Are iPhone and iPad developer jobs drying up?

Meanwhile, Apple has released iOS 6.1, the latest version of its iPhone, iPad, and iPhone software. 

A display for the iPhone 5 is pictured at Apple's flagship retail store in San Francisco, California in this Jan. 23, 2013 file photo. The number of job listings for iPhone and iPad developer gigs seems to be shrinking.

The Apple app developer market ain't what it used to be. 

According to a new study from (hat tip to CNET), the number of postings for iPhone and iPad developer gigs dropped in the fourth quarter of last year – the first time that's happened since started keeping count. The site reports that between Q3 and Q4, iPhone jobs fell 3.8 percent, to 5,298 jobs; iPad listings, meanwhile, fell 14 percent to 2,036 jobs. So what's behind the new numbers? 

Well, strongly hints that it may have something to do with the increased clout of Google's Android operating system. Last quarter, a whopping 152 million Android smartphones were shipped globally, enough to make Android, in the words of one analyst, "the undisputed volume leader of the smartphone industry at the present time."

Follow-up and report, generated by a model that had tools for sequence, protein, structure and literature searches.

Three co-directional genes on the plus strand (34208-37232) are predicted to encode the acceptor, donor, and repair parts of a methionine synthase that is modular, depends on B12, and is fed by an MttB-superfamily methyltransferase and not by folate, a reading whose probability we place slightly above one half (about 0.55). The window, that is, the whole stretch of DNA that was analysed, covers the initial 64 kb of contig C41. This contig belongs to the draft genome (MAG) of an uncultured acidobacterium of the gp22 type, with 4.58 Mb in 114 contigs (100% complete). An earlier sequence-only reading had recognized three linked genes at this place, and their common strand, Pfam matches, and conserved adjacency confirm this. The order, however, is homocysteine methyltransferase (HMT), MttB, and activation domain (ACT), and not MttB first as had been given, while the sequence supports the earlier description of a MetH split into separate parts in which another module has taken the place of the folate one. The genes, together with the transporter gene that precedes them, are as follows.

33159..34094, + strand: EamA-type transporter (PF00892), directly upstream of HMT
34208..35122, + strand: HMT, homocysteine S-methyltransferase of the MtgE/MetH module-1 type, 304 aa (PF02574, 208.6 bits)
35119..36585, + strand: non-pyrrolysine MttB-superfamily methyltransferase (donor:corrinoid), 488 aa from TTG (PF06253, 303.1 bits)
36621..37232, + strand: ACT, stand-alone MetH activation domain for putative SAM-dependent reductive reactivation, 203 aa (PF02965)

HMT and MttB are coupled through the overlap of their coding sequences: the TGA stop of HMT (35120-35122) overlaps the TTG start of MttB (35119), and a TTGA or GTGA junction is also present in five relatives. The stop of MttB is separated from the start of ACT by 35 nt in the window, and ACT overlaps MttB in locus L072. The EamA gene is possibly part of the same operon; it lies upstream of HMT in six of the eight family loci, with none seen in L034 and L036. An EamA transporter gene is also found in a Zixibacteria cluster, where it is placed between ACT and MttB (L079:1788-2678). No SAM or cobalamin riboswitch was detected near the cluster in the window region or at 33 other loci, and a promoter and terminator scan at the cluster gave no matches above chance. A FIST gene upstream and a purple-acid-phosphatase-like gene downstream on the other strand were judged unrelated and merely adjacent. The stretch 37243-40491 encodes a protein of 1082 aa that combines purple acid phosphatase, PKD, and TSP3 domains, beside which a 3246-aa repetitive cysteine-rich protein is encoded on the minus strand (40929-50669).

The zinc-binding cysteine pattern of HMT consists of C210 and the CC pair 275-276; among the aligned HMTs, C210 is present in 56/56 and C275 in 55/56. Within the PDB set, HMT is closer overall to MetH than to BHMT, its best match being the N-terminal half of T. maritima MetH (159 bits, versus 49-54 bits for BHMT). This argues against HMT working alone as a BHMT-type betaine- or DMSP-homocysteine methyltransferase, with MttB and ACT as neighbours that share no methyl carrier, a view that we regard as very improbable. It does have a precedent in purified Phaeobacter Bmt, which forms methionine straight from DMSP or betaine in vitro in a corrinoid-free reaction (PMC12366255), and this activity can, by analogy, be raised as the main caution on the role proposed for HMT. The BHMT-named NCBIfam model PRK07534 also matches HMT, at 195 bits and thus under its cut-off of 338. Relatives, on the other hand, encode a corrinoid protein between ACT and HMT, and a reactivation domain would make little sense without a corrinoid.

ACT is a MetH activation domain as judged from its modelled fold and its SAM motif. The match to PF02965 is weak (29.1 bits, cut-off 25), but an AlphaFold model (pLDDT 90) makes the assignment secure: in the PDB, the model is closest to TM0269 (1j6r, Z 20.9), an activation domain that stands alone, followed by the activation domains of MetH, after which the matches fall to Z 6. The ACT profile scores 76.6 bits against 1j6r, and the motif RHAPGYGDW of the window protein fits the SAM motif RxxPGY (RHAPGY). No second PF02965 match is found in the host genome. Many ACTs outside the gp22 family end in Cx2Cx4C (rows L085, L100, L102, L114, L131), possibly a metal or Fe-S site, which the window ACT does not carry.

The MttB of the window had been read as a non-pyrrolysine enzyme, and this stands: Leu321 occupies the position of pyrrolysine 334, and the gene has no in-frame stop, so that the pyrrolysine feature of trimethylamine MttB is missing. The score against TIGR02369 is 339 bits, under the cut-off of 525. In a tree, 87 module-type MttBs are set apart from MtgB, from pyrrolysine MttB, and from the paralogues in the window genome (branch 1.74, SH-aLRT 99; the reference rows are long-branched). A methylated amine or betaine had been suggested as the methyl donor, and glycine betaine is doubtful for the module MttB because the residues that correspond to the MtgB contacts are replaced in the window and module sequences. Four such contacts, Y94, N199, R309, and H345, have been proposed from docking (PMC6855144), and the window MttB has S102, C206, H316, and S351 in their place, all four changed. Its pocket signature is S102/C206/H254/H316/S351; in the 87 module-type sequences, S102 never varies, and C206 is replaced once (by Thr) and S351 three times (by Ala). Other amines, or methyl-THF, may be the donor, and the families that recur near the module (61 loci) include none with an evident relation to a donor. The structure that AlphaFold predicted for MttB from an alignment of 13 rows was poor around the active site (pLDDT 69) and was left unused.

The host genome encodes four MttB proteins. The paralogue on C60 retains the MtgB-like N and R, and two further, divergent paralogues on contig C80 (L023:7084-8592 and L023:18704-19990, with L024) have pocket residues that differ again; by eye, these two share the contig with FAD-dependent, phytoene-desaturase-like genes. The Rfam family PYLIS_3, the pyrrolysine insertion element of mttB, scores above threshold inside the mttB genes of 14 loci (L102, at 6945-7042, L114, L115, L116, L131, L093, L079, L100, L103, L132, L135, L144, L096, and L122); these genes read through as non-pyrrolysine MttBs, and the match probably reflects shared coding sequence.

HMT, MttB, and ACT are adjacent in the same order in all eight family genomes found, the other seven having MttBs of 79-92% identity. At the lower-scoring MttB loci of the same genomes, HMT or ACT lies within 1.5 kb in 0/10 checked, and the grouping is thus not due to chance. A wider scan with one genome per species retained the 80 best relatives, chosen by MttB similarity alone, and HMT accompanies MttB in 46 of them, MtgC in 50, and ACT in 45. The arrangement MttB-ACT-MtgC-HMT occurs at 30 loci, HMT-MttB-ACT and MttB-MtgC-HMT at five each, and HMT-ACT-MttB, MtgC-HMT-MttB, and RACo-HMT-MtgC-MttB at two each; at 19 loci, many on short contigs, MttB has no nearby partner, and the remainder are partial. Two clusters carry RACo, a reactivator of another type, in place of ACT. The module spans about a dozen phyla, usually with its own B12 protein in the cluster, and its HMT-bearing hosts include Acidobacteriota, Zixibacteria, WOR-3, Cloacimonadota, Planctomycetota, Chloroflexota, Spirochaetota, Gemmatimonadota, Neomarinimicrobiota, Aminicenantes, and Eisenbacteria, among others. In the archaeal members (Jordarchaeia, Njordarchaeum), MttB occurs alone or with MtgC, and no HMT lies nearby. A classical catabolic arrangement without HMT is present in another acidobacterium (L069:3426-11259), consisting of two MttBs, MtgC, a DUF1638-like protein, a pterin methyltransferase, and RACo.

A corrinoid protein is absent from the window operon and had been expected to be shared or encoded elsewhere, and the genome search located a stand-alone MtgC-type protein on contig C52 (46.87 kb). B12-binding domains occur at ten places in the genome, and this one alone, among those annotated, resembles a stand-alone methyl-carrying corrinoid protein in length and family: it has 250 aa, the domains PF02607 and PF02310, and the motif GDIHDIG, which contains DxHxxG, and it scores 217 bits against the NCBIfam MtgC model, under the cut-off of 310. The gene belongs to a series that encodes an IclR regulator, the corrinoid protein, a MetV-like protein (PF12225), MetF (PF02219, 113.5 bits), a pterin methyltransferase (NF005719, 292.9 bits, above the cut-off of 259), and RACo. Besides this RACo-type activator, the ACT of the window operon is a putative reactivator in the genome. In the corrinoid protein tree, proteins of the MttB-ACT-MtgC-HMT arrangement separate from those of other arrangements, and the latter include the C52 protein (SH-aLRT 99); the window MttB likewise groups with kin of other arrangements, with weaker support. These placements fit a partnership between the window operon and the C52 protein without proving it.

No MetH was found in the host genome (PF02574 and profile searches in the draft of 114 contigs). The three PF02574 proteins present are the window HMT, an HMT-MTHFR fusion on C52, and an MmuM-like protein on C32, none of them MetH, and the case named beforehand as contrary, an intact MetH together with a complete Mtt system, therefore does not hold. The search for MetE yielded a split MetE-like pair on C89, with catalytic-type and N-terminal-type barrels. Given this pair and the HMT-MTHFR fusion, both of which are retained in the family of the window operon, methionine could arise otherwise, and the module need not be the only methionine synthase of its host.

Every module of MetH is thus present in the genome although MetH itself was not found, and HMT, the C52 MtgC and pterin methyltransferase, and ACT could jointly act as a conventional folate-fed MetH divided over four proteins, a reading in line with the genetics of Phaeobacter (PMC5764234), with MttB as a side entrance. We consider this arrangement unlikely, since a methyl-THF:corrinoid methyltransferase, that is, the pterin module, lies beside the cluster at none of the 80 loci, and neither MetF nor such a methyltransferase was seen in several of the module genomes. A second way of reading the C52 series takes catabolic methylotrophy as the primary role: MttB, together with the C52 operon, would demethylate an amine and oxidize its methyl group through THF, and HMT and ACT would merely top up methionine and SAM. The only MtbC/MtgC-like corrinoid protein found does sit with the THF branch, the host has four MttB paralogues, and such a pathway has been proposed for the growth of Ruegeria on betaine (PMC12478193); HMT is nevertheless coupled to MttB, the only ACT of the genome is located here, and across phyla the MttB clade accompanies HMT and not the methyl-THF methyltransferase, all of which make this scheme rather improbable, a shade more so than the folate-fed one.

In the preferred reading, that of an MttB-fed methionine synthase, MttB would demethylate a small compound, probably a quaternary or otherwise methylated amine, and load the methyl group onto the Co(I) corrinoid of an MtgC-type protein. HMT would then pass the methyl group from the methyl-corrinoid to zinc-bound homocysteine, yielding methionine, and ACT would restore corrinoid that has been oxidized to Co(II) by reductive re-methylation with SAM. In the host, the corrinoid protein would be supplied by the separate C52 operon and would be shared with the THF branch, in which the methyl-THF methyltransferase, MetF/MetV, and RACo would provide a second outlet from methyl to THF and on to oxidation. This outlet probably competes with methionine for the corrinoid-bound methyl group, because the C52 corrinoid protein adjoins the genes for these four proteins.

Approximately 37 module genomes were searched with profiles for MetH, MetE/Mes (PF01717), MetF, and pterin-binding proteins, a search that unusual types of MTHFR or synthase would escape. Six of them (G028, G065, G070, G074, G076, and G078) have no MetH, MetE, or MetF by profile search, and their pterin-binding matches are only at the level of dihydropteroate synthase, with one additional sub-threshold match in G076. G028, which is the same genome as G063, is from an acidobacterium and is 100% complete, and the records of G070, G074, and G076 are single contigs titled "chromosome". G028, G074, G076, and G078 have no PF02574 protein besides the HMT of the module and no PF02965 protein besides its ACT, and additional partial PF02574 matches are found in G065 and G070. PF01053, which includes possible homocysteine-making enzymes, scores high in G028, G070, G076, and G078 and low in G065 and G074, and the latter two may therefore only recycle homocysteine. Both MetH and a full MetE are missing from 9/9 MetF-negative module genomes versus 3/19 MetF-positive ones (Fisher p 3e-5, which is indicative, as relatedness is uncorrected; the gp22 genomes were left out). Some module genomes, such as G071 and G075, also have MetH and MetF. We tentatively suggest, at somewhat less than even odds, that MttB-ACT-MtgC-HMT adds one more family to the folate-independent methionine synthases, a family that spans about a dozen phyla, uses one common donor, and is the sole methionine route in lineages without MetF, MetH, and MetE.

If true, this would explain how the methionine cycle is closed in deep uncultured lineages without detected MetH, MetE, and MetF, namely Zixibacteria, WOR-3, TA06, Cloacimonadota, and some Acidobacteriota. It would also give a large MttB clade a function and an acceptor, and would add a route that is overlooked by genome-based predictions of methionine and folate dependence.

And indeed, does show a 7 percent uptick in listings for Android jobs in Q4, to 4,282 jobs in all.

The rise of Android doesn't necessarily mean that everyone has switched camps. It's possible that iPhone gigs gave way to jobs that require HTML5, a programming language that works on iPhone, iPad, Android, Mac, PCs, and any number of other devices. Why program for one, when an HTML5 websites work pretty much everywhere? 

In related news, this week Apple release iOS 6.1, the newest iteration of its mobile operating system. Adoption has been steady, with 22 percent of all iOS devices hosting the new software just 36 hours after launch. Jason Baptiste, CEO of Onswipe (the company that published the adoption figures), told TechCrunch this probably has something to do with Apple's over-the-air software update system. 

One more bit of Apple news, while we're at it, via Time Magazine: In a conversation with Wall Street analysts, Facebook CEO Mark Zuckerberg admitted Facebook's relationship with Google wasn't exactly top-notch. Apple, on the other hand? "I’m really happy with the partnership we have with them," Zuckerberg said

For more tech news, follow us on Twitter@CSMHorizonsBlog

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